Gary Cohn, Donald Trump’s former top economic aide, is now an adviser to a blockchain start-up that hopes to use the nascent technology to overhaul the way banks share credit data.
In one of his first public moves since leaving the White House earlier this year, the 58-year-old former president at Goldman Sachs has joined fledgling fintech firm Spring Labs.
The 20-strong start-up, which has offices in Los Angeles and Chicago, is developing ways to use the blockchain to allow lenders and data providers to exchange credit and identity information more efficiently, in a challenge to big credit consumer companies like Equifax and Experian.
“[It’s] an obvious place to take a very, very analogue industry and digitise it,” Mr Cohn told the Financial Times, labelling the project a “unique opportunity”.
During his time in the White House, Mr Cohn played a major role in the Trump administration’s tax reform package, which was passed by Congress late last year. But he resigned in March after objecting to the president’s plans to roll out steel and aluminium tariffs.
Mr Cohn said that since his departure he had been advising private companies in “traditional industries”, though he declined to provide further details.But he added that he had looked at “a bunch of different opportunities” in the blockchain sector after studying the potential of the technology while in the White House.
While he made clear that he was not an advocate for individual cryptocurrencies, such as bitcoin, he said that blockchain technology was a “huge new invention” that could also be used for smart contracts, or in currency settlement.
“We all know all the inefficiencies of the existing currency world and blockchain clearly helps to eliminate them at some point in the future,” he added.
Mr Cohn will join Bobby Mehta, former chief executive of big US credit company TransUnion, and Brian Brooks, chief legal officer at Coinbase, one of the world’s biggest cryptocurrency exchanges, on Spring Labs’ board of advisers. Mr Cohn also has an undisclosed amount of equity in the company, though it is unclear whether he received the stake through an investment or as part of an arrangement with the company.
“When you look at the two challenges Spring Labs has, one is building the technology. Once you’ve built the technology you’ve got to get it accepted and adopted,” Mr Cohn said, adding that he would use his experience in financial services to help the company tackle the latter.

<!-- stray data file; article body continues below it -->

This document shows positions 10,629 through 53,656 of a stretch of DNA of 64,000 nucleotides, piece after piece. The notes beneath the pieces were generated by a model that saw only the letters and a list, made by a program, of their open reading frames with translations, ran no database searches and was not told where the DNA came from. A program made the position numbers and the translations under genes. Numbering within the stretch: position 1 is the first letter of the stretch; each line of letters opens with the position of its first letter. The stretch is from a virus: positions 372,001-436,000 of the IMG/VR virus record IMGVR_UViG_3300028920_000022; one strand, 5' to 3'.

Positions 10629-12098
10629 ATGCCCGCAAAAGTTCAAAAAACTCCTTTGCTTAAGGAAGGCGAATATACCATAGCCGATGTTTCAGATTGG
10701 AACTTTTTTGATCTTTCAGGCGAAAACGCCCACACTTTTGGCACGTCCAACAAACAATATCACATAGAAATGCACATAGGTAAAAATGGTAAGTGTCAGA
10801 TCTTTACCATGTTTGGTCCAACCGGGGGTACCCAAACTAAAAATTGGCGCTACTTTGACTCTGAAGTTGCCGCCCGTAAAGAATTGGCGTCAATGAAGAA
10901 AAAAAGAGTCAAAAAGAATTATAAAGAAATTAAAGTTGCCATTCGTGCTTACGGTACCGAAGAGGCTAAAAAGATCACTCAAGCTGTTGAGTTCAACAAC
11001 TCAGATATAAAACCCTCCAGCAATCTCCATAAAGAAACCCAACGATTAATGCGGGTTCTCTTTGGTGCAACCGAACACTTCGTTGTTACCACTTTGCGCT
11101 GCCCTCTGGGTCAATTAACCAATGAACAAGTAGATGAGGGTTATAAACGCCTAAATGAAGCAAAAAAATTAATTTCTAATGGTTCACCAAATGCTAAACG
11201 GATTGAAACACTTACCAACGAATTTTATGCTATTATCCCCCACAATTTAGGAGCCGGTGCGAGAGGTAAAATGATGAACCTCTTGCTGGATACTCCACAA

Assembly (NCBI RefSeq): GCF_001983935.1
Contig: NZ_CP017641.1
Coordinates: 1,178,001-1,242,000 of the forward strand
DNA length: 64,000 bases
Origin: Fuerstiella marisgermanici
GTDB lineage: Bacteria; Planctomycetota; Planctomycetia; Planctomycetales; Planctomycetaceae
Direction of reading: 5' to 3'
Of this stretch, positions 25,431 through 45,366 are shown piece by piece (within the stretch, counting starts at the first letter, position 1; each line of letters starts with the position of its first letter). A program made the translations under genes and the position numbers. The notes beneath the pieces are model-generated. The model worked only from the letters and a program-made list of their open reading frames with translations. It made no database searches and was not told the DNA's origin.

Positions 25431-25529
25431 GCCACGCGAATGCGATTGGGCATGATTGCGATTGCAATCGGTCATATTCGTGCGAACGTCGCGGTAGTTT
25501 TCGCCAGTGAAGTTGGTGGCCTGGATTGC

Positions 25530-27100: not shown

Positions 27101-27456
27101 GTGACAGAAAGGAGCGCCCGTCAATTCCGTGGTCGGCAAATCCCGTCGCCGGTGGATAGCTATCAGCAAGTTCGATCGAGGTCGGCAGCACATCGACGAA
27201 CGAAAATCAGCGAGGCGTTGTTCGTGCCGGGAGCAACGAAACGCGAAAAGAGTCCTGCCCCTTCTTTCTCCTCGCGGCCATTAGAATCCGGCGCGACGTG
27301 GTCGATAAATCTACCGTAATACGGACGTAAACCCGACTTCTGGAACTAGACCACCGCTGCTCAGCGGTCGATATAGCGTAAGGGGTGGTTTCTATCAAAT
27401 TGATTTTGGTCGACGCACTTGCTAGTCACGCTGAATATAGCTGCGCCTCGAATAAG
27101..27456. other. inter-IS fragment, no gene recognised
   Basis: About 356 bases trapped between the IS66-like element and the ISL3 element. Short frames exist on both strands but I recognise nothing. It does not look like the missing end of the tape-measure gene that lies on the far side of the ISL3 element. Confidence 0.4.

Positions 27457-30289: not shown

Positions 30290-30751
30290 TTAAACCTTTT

Blockchain technology allows for information storage and transmission without a central control body. While it is best known for its role in underpinning the exchange of cryptocurrencies such as bitcoin, its decentralised functionality has made it popular with companies seeking to manage large flows of data. However, critics have questioned whether its usefulness has been overstated, and the technology has also been tainted by its association with the cryptocurrency world, which many have warned is vulnerable to fraud.
Under the current credit system, banks hand over customer data to credit reporting agencies such as Equifax and Experian, before buying back aggregated reports from those companies. Last year, Equifax disclosed that it had suffered a massive data hack in the US, affecting 143m clients and raising concerns about the safety of customer information.
Adam Jiwan, Spring Labs’ chairman and chief executive, said his company was building blockchain-based applications that would allow such data to be shared directly between parties in a “highly secure” and “anonymous” way that complies with data privacy regulations.
He added this could “ultimately . . . replace the credit bureaus you see today”.
Set up in 2017, Spring Labs is the brain-child of the founders of Avant, a US consumer loans provider that has originated more than $5bn of loans since it was founded six years ago. In March, Spring Labs raised nearly $15m in seed funding, including from previous Avant backers.
It expects to launch several applications — which may include fraud and identity verification tools — in the first half of 2019 and is also in “deep discussions with industry partners”, Mr Jiwan said.